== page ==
"Troyer also described concerns related to the loaner and replacement computers she was assigned when her laptop was acquired for forensic analysis, as well as alleged problems with email and network access she attributed to unidentified staffers. App. 23. These problems included error messages that occurred during the use of her University email account. App. 24.

"The IT Department concluded that these concerns were not indicative of any unauthorized access of University network systems, and Duff & Phelps’ independent analysis of the data revealed no evidence of any unauthorized intrusion into the University network systems.

"In order for an outside party to obtain unauthorized access to the Troyer Laptopin such a way as to have been responsible for the anonymous emails, the followingwould have needed to occur:

  • "The third-party would have needed information about Troyer’s work habits and whereabouts, and the ability to insert unauthorized activity in between Troyer’s documented activity without Troyer’s awareness.
  • "The third-party would have needed to be able to pass through the University’s AITS firewall as well as over the campus network without leaving any trace in any of the multiple campus network and security devices.
  • "The third-party would have needed to be able to pass through the Troyer Laptop’s firewall without leaving any trace.
  • "The third-party would have needed to be able to send “test” emails from the Troyer Laptop to Troyer’s University email account, and after having done so, would have needed to be able to access her email account in order to delete those same “test” messages and then empty the Outlook trash folder before Troyer saw them.
  • "The third-party would have needed to be able to leave behind selected artifacts on the Troyer Laptop implicating its user in the creation of the emails.
  • "The third-party would have needed to secretly conduct a search for the term “permanent delete,” and then initiate and abort the running of “secure erase.” These would have needed to be carefully prepared in order to leave deliberate forensic traces but not any onscreen indication to the user. The third-party would have needed to run the wiping utility just long enough to leave the implicating indication that it had been run but not long enough to undo any of the false trails that had been planted on the Troyer Laptop beforehand.

Foster wrote on July 03, 2012 at 3:07 pm

Joshua,  I agree.  I have always believed there was something fishy here but I did not know she had sued the U of I. The fact that they are paying her more than two years of salary counting the last 6 months while nothing happened to her says something is wrong. Also if she is resigning why is she being paid for another several weeks? I bet there is more like legal costs and other pieces of what she will get for staying silent.  There should be ways of finding out what really happened.  If there is a contract on this pay out it should be made publicly available.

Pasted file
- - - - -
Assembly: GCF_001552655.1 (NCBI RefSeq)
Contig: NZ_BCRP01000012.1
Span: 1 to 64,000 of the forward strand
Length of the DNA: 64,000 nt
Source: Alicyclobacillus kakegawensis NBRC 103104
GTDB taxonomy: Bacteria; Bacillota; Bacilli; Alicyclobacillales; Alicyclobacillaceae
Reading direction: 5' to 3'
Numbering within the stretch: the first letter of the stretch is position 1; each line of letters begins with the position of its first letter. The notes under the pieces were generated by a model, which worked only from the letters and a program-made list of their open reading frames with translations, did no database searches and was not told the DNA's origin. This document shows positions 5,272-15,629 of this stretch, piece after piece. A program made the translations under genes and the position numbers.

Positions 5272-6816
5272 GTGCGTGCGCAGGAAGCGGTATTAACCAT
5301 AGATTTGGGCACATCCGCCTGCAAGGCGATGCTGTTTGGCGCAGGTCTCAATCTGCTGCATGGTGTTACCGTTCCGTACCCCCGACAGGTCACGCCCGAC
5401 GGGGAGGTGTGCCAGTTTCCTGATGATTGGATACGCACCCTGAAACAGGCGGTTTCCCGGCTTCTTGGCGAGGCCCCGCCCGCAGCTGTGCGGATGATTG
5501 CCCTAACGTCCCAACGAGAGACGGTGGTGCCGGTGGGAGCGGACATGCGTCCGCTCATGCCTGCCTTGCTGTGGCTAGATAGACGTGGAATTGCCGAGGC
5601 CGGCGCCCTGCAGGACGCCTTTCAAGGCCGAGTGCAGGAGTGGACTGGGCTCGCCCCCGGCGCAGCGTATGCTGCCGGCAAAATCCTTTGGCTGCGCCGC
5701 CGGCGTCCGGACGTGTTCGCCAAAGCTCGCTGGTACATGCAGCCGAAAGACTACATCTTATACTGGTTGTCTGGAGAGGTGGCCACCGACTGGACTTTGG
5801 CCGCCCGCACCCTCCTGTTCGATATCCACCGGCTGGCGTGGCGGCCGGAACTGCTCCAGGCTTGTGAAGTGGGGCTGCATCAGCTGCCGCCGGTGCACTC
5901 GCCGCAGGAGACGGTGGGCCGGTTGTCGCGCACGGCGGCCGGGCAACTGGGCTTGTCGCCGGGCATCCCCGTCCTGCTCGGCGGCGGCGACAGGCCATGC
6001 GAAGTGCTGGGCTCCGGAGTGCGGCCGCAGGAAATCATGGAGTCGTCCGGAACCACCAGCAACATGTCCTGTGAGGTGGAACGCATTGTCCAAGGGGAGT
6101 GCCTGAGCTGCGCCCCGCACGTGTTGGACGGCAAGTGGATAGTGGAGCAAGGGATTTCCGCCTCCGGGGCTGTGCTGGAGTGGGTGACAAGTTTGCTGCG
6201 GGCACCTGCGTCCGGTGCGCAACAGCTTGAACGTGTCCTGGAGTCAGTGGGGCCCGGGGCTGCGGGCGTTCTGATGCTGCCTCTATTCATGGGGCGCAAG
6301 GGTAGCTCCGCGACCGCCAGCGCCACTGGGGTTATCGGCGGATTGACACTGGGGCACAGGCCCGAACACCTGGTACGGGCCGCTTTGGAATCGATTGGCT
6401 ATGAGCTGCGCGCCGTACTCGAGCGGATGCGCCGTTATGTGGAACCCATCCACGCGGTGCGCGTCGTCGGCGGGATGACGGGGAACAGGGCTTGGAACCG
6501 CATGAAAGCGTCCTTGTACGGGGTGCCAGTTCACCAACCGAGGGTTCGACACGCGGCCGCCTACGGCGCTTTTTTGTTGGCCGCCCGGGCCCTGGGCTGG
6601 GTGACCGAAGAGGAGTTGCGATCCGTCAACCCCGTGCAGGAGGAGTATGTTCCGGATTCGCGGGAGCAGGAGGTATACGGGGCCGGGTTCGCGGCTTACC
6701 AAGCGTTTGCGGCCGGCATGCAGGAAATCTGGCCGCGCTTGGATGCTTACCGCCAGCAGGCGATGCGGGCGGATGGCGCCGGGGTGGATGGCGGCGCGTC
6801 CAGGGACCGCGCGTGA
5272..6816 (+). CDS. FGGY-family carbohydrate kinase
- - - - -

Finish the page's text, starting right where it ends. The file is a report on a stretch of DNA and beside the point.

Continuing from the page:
thelowedown wrote on July 03, 2012 at 4:07 pm

Foster, she is being paid because her resignation is not effetive until August 15th. If you had read the story you are commenting on, you might know that fact.

Foster wrote on July 03, 2012 at 5:07 pm

Ms/Mr. thelowdown:  I did read the story and your comment is exactly my point.  Why is her resignation not immediate?  Why is the University of Illinois waiting 6 more weeks, all with pay and benefits, for her resignation?  She will have eight or nine months of pay and benefits since this all started beyond the $175K amount.  This is not a legal settlement that would result for a person that the university was convinced was guilty.  I have found this entire issue very suspicious from the beginning and continue to do so.  There seems to be much more involved that those in charge do not want to have revealed.  Troyer must have a gag order as part of tthis.

rsp wrote on July 03, 2012 at 5:07 pm

Maybe you missed the part that she wasn't yet charged with a crime so until charged you have to abide by the terms of the contract that was in place. If you don't do that it can end up costing you more in the long run. Troyer filed suit because she wanted to be paid for being on Hogan's staff after she resigned from his staff. Her resignation was negotiated, meaning part of it was that they wouldn't come after her with charges and maybe she can try to salvage her career elsewhere. I think everything to be seen is in plain sight, no gag order. You might want to ask yourself why she would follow him from job to job and throw away her career. There is something that defies logic there.

Manny L wrote on July 03, 2012 at 6:07 pm

She doesn't have to be charged with a crime to be fired, rsp.  The university can fire you without a judge, without a jury, without a trial.  It's in their procedures.  They're doing it with Wozniak.  Like some others on this message board, I heard she was suing for defamation and maybe more.  I also looked at the agreement she signed.  She signed it a few weeks ago.  There are a whole lot more legal actions she is barred from taking than the university.  I also found it interesting that she can't sue Wheeler.  There is a long list of people who aren't allowd to comment, too, including Wise.  I do agree. It all defies logic.  Something stinks.

rsp wrote on July 03, 2012 at 8:07 pm

This is what happens when you llisten to rumors. She wasn't suing anyone. She filed two complaints with the Illinois Department of Labor. I guess you missed that in the agreement she signed? The people who can't comment? You think it defies logic? If you were her and you were looking for a job, wouldn't you want them legally barred from telling what you did? But she expects Hogan to tell people what a good employee she is apparently. If anything that should raise more questions with you than the fact that she wants to keep people from telling what she did. They list all of the options for lawsuits because she's just that kind of person who will try to come back and sue for something else if it's not included. Wheeler was one of her targets and by listing him if she get's caught defaming him she could lose all of the money plus additional damages. When you have a contract like the one Hogan arranged for her they couldn't just fire her. I don't care what their procedures say. They still have to abide by the terms of the contract they signed with her. That required going through a process to get rid of her.